Why house-made noodles are a must for Boru owner Patrick Wong

When he was thinking about opening a Baton Rouge ramen shop in 2018, Patrick Wong embarked on some serious field research.

He was no stranger to the restaurant world; his family owns the sushi restaurant Ichiban. But the entrepreneur wanted to see ramen shops in action.

“I trained in Tokyo and Yokoyama for about a month to learn the feel of real ramen shops, the true way it’s done,” Wong says. “I wanted to bring the authentic product back home.”

That meant learning to make broth simmered for 36 hours, long enough to distill pork bones to their bare essence and leave behind liquid gold with off-the-charts umami. But Wong, who also studied under ramen chef Keizo Shimamoto in New York, didn’t stop there. He wanted to serve noodles from scratch.

Wong’s Boru Ramen debuted in late 2020, serving ramen constructed with two types of homemade noodles: Mazeman and Hakata. Mazeman noodles, which are thicker, are deployed in the Crawfish Mazeman: a brothless, fiery dish with fried crawfish tails, yellow corn, spices and negi leek oil. The thinner Hakata noodles are used in the rest of the bowls.

Wong contends that the majority of ramen shops in the U.S. buy their noodles, but making them in house allows him to control their texture.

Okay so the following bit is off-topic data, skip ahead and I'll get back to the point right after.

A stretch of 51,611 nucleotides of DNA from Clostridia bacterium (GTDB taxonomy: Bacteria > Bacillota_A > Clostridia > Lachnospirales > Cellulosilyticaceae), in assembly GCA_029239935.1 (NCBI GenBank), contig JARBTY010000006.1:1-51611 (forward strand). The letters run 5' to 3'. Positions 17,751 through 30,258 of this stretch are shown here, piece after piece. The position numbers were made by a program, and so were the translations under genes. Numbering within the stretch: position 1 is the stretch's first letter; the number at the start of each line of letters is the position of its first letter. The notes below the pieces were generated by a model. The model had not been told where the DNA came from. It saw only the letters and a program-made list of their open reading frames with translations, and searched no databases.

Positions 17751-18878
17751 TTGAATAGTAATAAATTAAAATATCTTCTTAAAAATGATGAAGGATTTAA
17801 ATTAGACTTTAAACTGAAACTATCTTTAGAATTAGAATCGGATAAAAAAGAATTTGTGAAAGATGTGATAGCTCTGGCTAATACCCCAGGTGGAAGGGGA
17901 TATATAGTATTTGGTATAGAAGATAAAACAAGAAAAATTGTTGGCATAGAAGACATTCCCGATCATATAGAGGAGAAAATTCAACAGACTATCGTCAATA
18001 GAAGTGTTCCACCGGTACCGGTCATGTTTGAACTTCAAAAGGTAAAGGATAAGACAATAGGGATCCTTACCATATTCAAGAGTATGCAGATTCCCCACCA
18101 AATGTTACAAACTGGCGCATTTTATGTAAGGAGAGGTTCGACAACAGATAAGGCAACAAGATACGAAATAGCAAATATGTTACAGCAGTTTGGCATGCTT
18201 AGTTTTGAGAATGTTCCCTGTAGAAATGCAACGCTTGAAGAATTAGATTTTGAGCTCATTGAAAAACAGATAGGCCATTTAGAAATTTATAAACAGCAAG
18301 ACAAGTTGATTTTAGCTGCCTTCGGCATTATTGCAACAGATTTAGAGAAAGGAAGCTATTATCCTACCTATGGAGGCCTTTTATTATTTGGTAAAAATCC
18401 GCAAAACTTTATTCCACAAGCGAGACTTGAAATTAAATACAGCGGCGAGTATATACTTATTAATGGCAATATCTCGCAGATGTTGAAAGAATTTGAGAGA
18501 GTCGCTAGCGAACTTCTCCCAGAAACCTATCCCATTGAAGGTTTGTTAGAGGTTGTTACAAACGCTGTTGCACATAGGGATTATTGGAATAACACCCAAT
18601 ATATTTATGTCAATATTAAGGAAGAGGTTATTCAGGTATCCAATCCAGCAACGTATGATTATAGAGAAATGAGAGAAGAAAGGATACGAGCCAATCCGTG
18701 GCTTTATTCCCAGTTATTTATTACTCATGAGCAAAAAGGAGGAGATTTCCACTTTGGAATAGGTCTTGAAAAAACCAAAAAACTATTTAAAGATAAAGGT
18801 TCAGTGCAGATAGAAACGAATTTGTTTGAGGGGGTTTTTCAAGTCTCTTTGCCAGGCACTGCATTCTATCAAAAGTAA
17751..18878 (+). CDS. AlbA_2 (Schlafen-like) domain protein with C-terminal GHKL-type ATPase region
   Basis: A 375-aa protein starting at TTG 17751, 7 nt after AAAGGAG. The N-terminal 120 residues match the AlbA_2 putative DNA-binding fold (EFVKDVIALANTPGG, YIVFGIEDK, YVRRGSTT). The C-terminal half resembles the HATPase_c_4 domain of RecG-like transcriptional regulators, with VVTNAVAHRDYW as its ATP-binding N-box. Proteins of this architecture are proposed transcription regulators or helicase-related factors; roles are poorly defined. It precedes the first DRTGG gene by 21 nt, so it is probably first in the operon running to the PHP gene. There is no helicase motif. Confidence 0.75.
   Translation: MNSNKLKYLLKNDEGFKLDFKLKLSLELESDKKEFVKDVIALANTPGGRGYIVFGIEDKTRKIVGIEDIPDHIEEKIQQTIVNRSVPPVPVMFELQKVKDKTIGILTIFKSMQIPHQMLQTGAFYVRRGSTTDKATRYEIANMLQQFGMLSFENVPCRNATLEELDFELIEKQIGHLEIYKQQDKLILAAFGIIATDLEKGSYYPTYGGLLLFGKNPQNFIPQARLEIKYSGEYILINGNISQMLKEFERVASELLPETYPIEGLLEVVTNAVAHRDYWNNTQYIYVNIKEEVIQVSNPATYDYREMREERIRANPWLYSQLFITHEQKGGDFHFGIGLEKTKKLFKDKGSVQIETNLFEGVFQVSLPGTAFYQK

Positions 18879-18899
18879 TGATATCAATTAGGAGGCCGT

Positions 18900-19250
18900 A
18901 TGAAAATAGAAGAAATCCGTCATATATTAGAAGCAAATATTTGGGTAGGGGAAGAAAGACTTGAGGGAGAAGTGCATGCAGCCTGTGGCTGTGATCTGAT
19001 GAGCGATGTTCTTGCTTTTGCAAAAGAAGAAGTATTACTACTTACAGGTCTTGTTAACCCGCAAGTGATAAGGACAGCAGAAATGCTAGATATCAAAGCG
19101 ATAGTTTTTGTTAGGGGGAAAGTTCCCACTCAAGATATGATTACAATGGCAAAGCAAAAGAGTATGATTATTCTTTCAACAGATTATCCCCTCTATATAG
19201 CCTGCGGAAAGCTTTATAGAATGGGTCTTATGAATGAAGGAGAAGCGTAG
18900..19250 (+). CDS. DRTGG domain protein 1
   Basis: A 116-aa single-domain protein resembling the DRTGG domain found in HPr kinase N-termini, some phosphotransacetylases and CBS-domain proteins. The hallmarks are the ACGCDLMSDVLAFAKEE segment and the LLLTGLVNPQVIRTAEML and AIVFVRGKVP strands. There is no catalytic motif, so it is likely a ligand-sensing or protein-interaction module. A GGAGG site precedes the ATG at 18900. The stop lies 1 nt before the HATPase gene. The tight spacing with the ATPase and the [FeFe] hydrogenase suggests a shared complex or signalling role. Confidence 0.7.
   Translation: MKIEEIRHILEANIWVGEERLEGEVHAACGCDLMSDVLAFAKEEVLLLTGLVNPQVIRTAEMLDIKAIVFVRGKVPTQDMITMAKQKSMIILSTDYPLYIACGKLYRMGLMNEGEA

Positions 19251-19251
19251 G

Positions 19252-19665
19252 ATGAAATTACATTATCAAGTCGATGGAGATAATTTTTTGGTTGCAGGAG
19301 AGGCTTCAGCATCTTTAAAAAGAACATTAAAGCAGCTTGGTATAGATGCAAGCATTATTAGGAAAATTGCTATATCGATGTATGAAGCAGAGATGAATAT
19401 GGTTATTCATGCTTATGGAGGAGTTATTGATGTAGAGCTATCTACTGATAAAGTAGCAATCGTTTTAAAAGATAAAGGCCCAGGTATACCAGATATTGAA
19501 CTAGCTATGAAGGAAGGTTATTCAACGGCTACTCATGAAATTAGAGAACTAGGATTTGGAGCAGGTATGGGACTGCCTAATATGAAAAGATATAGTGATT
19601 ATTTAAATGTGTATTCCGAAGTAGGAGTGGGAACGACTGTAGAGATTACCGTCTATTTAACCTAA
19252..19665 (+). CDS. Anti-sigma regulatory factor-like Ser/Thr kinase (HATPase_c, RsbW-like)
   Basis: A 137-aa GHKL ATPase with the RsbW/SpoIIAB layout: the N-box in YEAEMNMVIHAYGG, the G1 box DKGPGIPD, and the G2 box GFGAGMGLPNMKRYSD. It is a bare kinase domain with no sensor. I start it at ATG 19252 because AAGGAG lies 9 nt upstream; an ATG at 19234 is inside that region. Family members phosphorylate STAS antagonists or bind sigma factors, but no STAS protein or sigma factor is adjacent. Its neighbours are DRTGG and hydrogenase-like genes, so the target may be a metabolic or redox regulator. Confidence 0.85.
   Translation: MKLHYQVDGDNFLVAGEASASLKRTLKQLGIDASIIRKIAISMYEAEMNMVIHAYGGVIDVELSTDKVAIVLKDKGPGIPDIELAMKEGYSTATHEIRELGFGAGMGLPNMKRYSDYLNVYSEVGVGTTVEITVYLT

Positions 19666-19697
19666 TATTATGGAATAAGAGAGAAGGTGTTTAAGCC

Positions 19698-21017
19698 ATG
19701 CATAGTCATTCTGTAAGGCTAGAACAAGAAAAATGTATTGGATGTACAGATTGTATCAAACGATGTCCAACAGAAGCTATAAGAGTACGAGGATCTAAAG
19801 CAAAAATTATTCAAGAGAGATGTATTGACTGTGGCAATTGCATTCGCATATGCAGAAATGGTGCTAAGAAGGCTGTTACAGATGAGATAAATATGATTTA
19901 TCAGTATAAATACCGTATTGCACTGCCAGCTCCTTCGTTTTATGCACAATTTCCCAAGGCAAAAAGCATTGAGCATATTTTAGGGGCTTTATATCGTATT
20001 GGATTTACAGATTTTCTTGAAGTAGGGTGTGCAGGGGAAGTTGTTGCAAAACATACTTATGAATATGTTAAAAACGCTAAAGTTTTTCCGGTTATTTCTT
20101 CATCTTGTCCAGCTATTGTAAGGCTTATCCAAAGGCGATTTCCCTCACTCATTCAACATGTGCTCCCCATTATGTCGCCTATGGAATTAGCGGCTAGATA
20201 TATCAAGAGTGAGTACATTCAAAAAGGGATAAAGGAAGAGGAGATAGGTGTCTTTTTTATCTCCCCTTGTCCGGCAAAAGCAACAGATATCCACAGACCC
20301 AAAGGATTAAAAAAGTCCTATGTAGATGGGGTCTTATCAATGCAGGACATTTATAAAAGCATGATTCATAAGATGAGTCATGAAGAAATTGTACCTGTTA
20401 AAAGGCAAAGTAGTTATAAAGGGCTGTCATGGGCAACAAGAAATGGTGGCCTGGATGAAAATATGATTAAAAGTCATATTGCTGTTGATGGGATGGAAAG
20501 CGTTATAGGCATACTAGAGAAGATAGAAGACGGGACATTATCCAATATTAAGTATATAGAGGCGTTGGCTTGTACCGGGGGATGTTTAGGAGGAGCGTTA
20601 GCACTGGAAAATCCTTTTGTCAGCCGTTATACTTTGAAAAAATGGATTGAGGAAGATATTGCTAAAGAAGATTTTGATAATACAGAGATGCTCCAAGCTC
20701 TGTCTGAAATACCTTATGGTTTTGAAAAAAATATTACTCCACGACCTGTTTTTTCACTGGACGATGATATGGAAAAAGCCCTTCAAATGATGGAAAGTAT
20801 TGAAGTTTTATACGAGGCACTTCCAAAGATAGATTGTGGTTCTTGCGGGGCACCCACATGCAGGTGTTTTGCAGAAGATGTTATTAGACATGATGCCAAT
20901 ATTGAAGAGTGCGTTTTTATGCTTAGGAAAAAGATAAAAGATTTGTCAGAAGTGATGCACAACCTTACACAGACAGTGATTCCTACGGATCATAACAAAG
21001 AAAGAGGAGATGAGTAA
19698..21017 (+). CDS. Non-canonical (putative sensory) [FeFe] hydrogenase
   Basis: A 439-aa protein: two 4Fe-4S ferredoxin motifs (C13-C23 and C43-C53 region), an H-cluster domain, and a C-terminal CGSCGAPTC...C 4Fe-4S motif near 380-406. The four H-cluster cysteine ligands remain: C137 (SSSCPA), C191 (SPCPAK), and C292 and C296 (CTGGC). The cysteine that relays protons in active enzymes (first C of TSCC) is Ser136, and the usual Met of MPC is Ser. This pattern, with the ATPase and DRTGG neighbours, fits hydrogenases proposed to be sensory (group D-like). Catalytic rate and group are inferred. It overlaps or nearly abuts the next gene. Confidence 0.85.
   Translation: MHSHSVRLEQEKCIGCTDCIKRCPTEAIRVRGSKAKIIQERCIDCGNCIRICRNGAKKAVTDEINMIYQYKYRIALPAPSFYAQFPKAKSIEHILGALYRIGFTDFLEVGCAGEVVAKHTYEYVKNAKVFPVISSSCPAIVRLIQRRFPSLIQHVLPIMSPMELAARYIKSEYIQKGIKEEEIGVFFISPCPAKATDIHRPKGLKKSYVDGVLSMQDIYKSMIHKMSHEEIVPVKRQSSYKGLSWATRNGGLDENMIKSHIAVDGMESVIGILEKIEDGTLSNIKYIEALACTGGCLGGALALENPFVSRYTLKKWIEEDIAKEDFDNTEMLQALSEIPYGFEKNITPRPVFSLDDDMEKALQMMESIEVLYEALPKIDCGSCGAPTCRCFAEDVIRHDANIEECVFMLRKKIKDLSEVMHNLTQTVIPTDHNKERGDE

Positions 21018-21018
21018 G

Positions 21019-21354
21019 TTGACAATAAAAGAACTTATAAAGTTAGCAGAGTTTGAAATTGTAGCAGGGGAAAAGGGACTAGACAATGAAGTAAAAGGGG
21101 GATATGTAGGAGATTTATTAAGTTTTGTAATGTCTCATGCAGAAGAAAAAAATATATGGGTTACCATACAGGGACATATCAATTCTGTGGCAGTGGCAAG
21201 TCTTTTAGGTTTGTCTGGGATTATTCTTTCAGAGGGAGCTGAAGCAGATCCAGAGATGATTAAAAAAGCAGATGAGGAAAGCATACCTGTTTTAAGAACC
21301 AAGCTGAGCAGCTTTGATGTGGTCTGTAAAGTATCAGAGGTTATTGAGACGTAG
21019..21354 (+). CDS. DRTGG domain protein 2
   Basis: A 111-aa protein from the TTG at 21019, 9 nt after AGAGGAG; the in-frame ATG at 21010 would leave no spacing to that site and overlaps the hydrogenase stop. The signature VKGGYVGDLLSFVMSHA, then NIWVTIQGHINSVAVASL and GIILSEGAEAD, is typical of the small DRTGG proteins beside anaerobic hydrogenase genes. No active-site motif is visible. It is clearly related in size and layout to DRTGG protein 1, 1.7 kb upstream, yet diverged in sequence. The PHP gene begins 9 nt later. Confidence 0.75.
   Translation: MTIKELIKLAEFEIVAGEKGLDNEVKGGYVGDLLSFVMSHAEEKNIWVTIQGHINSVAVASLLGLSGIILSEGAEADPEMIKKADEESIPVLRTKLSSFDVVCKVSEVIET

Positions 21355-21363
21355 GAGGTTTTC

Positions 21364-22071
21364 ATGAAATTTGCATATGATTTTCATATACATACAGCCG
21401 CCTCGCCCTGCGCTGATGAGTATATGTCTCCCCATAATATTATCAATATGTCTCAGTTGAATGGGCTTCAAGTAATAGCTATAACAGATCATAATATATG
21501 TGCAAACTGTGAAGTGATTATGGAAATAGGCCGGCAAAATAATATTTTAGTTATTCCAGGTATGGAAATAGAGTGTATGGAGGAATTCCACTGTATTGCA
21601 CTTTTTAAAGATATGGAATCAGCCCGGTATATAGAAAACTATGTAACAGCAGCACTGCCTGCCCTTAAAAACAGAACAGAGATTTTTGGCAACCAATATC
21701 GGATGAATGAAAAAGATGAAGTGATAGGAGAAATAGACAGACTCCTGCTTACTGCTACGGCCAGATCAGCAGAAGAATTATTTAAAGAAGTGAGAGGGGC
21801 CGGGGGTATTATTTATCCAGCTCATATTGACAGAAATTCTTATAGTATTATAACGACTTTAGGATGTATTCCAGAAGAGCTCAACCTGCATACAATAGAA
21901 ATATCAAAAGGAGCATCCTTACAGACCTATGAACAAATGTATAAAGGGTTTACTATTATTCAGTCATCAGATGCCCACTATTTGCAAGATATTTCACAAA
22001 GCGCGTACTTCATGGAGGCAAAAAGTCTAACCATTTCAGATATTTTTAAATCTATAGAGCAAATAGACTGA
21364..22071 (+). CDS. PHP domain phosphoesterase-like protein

“You can really tell the difference,” he says. “Ours have a kind of ‘bounciness.’”   

Boru’s noodles are extruded through a machine imported from Tokyo, made with eggs, salt, water and superfine wheat from Canada or rice flour.

The restaurant makes fresh noodles about three times a week. Using an extruder imported from Tokyo, it combines superfine wheat from Canada, eggs, salt and water. Mazeman noodles include rice flour.

Noodles aren’t just a key ingredient in ramen. They’re also a delivery device, a kind of edible highway and cooling mechanism for the hot broth. That’s why slurping them is customary in authentic ramen shops where only chopsticks, not spoons, are used. Slurping the noodles allows diners to effectively pull the hot soup into their mouths.

“For ramen,” Wong says, “the texture of the noodles is just so important.”

Boru’s Crawfish Mazeman is a brothless ramen with thick noodles made in-house with rice flour.


More ramen, please

Chow Yum

2363 Hollydale Ave.

One of Baton Rouge’s earliest ramen shops features four specialty bowls with painstakingly made broths. chowyumbr.com

Umami Japanese Bistro

3930 Burbank Drive

Umami’s steaming bowls include: Seafood, Spicy Miso or Kanpeki with pork belly. umamibr.com

Finbomb Sushi Burrito Poke Ramen

660 Arlington Creek Center Drive, Suite F

Choose from four bowls, like the Ooo lala with pork loin and ground pork, or the Garlic Lime Shrimp. finbombsushi.com

Soji: Modern Asian

5050 Government St.

The hip Mid City restaurant includes Beef or Malaysian Coconut Curry ramen with shrimp on its pan-Asian menu. eatsoji.com

JINYA Ramen Bar

10000 Perkins Rowe, Suite 160

The national chain’s local location serves more than a dozen varieties.

3 Woks Noodle Bar

1717 River Road (Inside The Queen)

Order quick-service Miso or Shoyu with chicken, beef or shrimp.

Coming soon

Hikari Ramen Noodles

Corporate Boulevard

This article was originally published in the February 2024 issue of 225 magazine.